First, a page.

I am not a Pharmacist or a Doctor, I am just YumaBev, the Happy Parkie, so I will share only my personal experiences. You should ALWAYS consult your own Neurologist or Pharmacist regarding medication dosages and side effects. 

That being said, here are some useful tips I've learned over the years:

1. Use the alarms feature on your watch or cell phone as a reminder to take your meds. In my warped sense of humor, my "drug alarm" ringtone is the song, I Want a New Drug by Huey Lewis. 

2. Never start a new medication (or increase the dosage) on a Thursday or Friday, because if you have a bad reaction over the weekend, you won't be able to get in touch with your Neurologist before Monday.

3. Some side effects, like nausea or sudden sleepiness, may go away within a month or two.
Other side effects, like dyskinesia, edema (swelling of legs, ankles or feet), cognitive problems (some have referred to this as brain fog), insomnia or obsessive or compulsive disorders may take a while to show up or become worse with age or the longer you take a medicine.

4. Ask your Neurologist exactly what times you should take your meds and what other things, including over-the-counter medications, supplements or foods such as proteins, aged cheeses, alcohol, caffeine, etc. you should avoid. Also ask what kinds of over-the-counter cold medications or pain relievers are safe to use.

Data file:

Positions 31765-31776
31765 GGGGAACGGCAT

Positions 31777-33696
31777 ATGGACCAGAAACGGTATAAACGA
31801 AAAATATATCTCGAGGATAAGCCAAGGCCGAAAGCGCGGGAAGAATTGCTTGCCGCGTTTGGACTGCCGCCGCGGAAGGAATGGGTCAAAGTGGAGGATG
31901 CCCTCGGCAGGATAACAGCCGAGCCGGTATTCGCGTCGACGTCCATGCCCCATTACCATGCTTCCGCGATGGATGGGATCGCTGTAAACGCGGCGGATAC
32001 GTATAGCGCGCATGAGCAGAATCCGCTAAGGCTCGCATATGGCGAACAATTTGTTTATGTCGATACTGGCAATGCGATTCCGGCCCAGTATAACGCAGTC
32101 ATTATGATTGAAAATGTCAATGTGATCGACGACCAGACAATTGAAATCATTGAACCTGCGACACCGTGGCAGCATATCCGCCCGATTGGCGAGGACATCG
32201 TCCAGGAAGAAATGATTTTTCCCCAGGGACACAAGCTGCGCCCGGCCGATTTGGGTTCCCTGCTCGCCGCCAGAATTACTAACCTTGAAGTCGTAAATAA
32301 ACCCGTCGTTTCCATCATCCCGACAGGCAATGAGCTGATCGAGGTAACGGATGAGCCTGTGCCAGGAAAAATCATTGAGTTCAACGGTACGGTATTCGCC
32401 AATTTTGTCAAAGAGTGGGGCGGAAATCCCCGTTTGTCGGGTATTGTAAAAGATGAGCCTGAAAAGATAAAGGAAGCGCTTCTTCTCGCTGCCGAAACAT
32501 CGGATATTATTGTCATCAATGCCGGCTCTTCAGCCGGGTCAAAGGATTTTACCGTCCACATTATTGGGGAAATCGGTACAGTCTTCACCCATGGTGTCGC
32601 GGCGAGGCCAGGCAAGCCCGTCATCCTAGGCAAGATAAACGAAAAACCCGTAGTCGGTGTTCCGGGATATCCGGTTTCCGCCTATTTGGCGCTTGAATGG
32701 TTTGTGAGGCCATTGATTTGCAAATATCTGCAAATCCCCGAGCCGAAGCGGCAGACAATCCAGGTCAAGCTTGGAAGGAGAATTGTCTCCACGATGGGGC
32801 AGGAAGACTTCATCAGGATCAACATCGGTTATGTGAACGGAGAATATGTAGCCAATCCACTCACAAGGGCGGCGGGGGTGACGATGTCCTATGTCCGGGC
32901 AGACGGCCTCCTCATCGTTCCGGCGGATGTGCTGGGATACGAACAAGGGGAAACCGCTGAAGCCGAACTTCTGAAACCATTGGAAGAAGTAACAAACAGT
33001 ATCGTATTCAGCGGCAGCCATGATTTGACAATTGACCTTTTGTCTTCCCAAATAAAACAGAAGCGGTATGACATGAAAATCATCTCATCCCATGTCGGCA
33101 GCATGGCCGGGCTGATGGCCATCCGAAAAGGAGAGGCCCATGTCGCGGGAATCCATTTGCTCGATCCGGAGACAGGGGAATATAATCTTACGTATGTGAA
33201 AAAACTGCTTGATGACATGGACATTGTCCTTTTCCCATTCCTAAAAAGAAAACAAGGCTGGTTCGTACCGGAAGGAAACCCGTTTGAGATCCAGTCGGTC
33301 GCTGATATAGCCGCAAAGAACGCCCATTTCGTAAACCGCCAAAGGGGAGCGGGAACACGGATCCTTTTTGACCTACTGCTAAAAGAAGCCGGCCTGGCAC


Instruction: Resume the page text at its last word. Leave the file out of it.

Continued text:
5. Make sure your Doctors know EVERY medication you take, including supplements and over the counter meds. Don't lie about how much alcohol you drink or how many pain meds you take. A friend nearly died because he lied to a Doctor about how much prescription pain medication he was taking prior to an outpatient procedure and he had a severe reaction when they gave him anesthesia. If you use cannabis, make sure your Neurologist knows this, too.

6. If you need to be hospitalized, ask the admitting physician to put in writing that you may take your OWN Parkinson's medications while hospitalized. If you can't do this, make sure YOU know exactly WHAT you take and WHEN you take it and tell EVERY medical person you encounter that you NEED your Parkie meds on time. Check with the nurse to make sure they are giving you the CORRECT medication and dosage EACH time. Do not let them substitute unless your Neurologist okays the change. A lot of neurologists don't have hospital privileges, so be careful. 

7. If a medication begins to make you feel worse or the side effects become unbearable, tell your Neurologist as soon as possible. Don't stop taking meds cold turkey, unless you are advised to do so by your Neurologist. Many Parky meds require weaning off.

8. Some Parkinson's medications (or the disease itself) MAY increase your risk for certain cancers, including melanoma skin cancer, breast cancer (men can get it, too) and prostate cancer, so have regular screenings.

Okay, now here's my medication story. Keep in mind that my reactions to various medications may not happen to you.